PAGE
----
Batting: Right hand batsman
Bowling: Right arm off-break
The selection of Dane Piedt as part of the South African test squad for the tour of India was an acknowledgement of the form that saw the Cape Cobras off-spinner take 11 wickets in the unofficial test series between South Africa and India A in 2015.
In the final test in Delhi, the off-spinner impressed by taking 4-117 in 38 economical overs. He captured four of the first six wickets to fall and his name was subsequently pencilled in as the only specialist spinner in the South African test squad for the first two matches of the series against England.
Piedt took eight for 152 on test debut for South Africa against Zimbabwe in 2014, but suffered a shoulder injury which curbed his progress.
Mentally and physically, he struggled to operate at maximum levels upon his return, but the two five-wicket hauls for South Africa A proved to all and sundry that he was on the comeback-trail.
A product of SACS, Piedt was a prominent member of the Western Province schools team in 2008.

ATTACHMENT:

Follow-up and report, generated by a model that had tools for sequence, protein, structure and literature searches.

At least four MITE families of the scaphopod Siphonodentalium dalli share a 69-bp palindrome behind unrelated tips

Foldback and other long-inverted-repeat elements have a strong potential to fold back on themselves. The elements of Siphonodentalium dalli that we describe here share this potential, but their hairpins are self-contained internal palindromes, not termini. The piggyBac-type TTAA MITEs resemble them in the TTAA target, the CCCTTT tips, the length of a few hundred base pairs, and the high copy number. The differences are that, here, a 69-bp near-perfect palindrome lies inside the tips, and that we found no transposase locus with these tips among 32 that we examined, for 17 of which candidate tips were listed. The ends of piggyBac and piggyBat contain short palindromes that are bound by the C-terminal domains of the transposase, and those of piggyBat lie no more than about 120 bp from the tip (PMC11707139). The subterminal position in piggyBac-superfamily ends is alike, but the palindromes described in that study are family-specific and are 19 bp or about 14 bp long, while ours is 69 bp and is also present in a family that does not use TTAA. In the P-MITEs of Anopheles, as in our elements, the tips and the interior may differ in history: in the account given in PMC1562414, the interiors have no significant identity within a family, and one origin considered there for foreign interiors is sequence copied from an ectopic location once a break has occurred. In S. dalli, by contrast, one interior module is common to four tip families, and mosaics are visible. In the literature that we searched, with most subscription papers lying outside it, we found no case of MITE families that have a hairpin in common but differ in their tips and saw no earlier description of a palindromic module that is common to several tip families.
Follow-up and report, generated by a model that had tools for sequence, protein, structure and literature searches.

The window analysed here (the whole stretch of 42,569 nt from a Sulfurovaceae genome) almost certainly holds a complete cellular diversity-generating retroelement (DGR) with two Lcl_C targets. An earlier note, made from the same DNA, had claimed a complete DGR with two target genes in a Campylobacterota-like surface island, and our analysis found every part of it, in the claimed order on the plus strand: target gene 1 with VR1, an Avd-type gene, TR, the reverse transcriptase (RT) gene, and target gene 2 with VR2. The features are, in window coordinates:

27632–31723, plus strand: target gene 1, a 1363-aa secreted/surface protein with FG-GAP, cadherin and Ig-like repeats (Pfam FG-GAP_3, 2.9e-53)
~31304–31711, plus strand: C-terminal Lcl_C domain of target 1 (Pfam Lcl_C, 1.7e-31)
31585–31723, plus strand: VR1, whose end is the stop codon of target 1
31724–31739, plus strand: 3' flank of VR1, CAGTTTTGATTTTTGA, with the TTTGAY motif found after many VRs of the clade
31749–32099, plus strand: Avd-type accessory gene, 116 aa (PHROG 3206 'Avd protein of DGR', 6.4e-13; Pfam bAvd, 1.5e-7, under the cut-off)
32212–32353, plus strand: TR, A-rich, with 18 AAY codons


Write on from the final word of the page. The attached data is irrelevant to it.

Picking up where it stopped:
The off-spinner and useful lower order batsman made his debut for Western Province in 2011/2012.
What makes Piedt unusual, is that he complements the regular art of turning the ball prodigiously into the right-hander, with the doosra (which means that the ball spins in the other direction to the regular off-break. It means the other one or the second one in Hindi and Urdu).
He also uses the arm ball to bamboozle batsmen.
Piedt was sensational in the 2013/2014-season. He captured 45 wickets in eight matches at an average of 19.93 and a strike-rate of 47.7.
His tally contributed a hat-trick against the Sunfoil Dolphins in Paarl.
Such was his impact, that Piedt attracted the attention of the national selectors.
He was included in the South African test squad for the series against Sri Lanka.
Piedt had to wait until the one-off test against Zimbabwe to make his test debut.
With his first delivery, he trapped Mark Vermeulen leg before wicket to become the second South African to achieve this feat in test cricket, and the first in 108 years.
It was the 19th time a bowler has had success with the first ball of his career in test history.
Afterwards, the 24-year old remarked that he had hardly used his doosra as a means to unsettle or outmanoeuvre the batsmen.